Resistance is futile!
What do we resist most in our society? Number one on most people’s list is aging; we’re reluctant to admit that we’re getting on in years! You can buy lotion, potions and pills that promise to slow the effects of the natural aging processes but time takes its toll and our bodies gradually wear out. What does any of this have to do with Corvallis Custom Kitchens & Baths?
Studies have shown that most accidents involving older adults happen right in their own homes and most often in the bathroom. We are the local bathroom experts and we have researched ways to make bathrooms safer. This research led to further study about preparing entire homes for retirement. The result is a list of home modifications to help cut down on falls and other accidents, allowing older adults to stay in their family home independently and out of an assisted living facility.
The pro-active decision to make your home safer will not only add to your comfort and peace of mind but will also increase the resale value of your house. As Baby Boomers reach retirement the demand for homes already adapted for safety will be enormous. Delaying a move into an Assisted Living facility for even one year can save tens of thousands of dollars, making any safety modification investment a significant bargain in comparison.
Click to expand each section to see recommendations for remodeling your home to increase safety.
Recommendations for Aging in Place Remodeling
- Adapt the lower floor of the home for single level living
- Increase the general and specific task lighting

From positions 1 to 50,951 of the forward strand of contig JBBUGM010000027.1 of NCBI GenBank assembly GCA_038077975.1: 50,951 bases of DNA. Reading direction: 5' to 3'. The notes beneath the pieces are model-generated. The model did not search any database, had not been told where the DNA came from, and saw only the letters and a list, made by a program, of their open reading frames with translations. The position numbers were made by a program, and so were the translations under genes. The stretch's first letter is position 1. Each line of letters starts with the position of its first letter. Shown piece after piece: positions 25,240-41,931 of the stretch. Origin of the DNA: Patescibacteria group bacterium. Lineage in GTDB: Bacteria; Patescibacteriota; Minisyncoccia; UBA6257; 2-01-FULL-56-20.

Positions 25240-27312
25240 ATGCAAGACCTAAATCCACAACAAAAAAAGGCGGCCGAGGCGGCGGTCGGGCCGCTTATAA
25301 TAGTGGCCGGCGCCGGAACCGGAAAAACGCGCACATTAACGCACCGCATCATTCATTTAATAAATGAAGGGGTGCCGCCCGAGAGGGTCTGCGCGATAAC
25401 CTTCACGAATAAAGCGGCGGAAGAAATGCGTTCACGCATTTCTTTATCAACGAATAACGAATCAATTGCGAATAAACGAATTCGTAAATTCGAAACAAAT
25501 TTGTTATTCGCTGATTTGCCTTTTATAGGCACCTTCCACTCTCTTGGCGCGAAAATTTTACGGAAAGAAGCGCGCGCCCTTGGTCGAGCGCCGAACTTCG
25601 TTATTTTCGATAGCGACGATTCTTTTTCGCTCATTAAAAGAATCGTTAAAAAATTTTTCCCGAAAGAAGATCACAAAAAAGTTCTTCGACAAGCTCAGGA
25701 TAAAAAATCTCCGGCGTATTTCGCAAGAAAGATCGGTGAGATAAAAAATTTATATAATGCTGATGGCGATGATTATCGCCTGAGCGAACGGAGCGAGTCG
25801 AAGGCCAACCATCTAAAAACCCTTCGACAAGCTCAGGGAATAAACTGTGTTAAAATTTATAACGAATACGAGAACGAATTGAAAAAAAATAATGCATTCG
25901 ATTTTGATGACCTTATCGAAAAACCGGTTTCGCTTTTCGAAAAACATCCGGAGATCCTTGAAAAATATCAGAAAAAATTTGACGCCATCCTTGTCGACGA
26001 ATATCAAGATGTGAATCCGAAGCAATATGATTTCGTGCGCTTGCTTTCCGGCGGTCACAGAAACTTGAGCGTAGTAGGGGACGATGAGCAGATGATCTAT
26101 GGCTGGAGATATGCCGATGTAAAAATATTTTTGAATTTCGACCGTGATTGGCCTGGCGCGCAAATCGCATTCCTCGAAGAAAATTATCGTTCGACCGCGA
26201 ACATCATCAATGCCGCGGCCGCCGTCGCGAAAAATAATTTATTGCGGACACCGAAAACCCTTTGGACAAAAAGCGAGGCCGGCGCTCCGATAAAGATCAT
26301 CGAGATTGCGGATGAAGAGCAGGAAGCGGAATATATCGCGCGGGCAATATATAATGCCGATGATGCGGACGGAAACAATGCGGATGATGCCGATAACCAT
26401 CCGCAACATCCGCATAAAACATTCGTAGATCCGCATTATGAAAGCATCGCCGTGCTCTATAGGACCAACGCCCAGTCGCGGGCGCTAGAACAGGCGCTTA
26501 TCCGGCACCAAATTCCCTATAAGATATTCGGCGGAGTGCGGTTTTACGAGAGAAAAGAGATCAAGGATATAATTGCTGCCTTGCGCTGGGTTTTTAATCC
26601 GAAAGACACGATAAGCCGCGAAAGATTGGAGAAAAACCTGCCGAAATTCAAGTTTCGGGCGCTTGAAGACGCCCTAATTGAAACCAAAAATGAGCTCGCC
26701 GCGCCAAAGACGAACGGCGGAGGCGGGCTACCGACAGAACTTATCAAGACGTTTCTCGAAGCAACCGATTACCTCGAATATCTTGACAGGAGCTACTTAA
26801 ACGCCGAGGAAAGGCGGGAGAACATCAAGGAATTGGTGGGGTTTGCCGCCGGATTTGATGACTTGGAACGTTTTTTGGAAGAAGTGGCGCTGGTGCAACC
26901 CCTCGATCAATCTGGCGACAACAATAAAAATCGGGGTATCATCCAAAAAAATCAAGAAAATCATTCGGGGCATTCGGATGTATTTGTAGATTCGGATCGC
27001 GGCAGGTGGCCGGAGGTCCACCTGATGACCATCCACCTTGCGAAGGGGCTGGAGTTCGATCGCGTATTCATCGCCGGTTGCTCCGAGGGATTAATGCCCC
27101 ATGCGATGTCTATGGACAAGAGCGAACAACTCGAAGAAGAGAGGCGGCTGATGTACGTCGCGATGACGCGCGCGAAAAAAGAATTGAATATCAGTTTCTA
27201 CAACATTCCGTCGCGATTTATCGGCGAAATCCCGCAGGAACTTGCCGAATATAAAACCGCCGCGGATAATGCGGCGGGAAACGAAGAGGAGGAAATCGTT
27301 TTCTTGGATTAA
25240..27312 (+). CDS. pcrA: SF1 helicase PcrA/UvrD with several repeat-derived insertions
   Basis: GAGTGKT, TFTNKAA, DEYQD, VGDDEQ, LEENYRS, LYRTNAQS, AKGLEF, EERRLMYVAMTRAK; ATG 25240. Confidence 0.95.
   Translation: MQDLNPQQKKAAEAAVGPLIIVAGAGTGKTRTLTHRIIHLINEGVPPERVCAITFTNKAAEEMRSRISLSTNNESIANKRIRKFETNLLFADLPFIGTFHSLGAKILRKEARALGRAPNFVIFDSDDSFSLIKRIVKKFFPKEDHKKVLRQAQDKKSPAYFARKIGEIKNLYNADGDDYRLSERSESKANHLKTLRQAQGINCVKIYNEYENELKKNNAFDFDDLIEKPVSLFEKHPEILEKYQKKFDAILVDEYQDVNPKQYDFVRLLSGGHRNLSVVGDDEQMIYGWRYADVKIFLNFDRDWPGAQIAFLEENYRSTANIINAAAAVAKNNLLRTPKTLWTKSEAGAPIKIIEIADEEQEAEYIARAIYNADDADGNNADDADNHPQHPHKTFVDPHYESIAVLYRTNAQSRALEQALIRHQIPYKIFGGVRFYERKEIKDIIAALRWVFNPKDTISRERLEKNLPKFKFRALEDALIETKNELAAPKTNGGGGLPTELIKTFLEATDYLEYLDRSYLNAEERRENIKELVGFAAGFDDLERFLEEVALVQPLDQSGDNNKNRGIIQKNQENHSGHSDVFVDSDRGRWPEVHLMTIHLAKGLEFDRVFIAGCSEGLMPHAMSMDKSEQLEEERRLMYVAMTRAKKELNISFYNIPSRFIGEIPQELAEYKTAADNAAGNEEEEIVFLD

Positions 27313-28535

- Create easy garage or parking access
- There should be at least one entry with no steps
- Install lever door handles instead of knobs
- Adjustable controls on light switches are very useful
- Install luminous switches in bedrooms, baths and hallways
- Strobe light or vibrating smoke and burglar alarms for hearing impaired
- Contrasting colors between floor and walls add to safety
- Slip resistant flooring is much safer
- Enhanced high and low frequency tones for doorbells and telephones
- Lever faucets and faucet mixers with anti-scald valves
- Temperature-controlled shower and tub fixtures
- Stall shower with a low threshold, shower seat, and hand-held shower head
- Grab bars at back and sides of shower, tub and toilet
- Turn around and transfer space for walker or wheelchair
- Installation of medical response device
- Easy to grasp cabinet knobs or pulls
- Task lighting under counters
- Adjustable upper shelves and pull out lower shelves
- Variety in kitchen counter height – some as low as table height (30 inches)
- Gas sensor near gas cooking, water heater and gas furnace
- Color or pattern borders at counter edges for visual contrast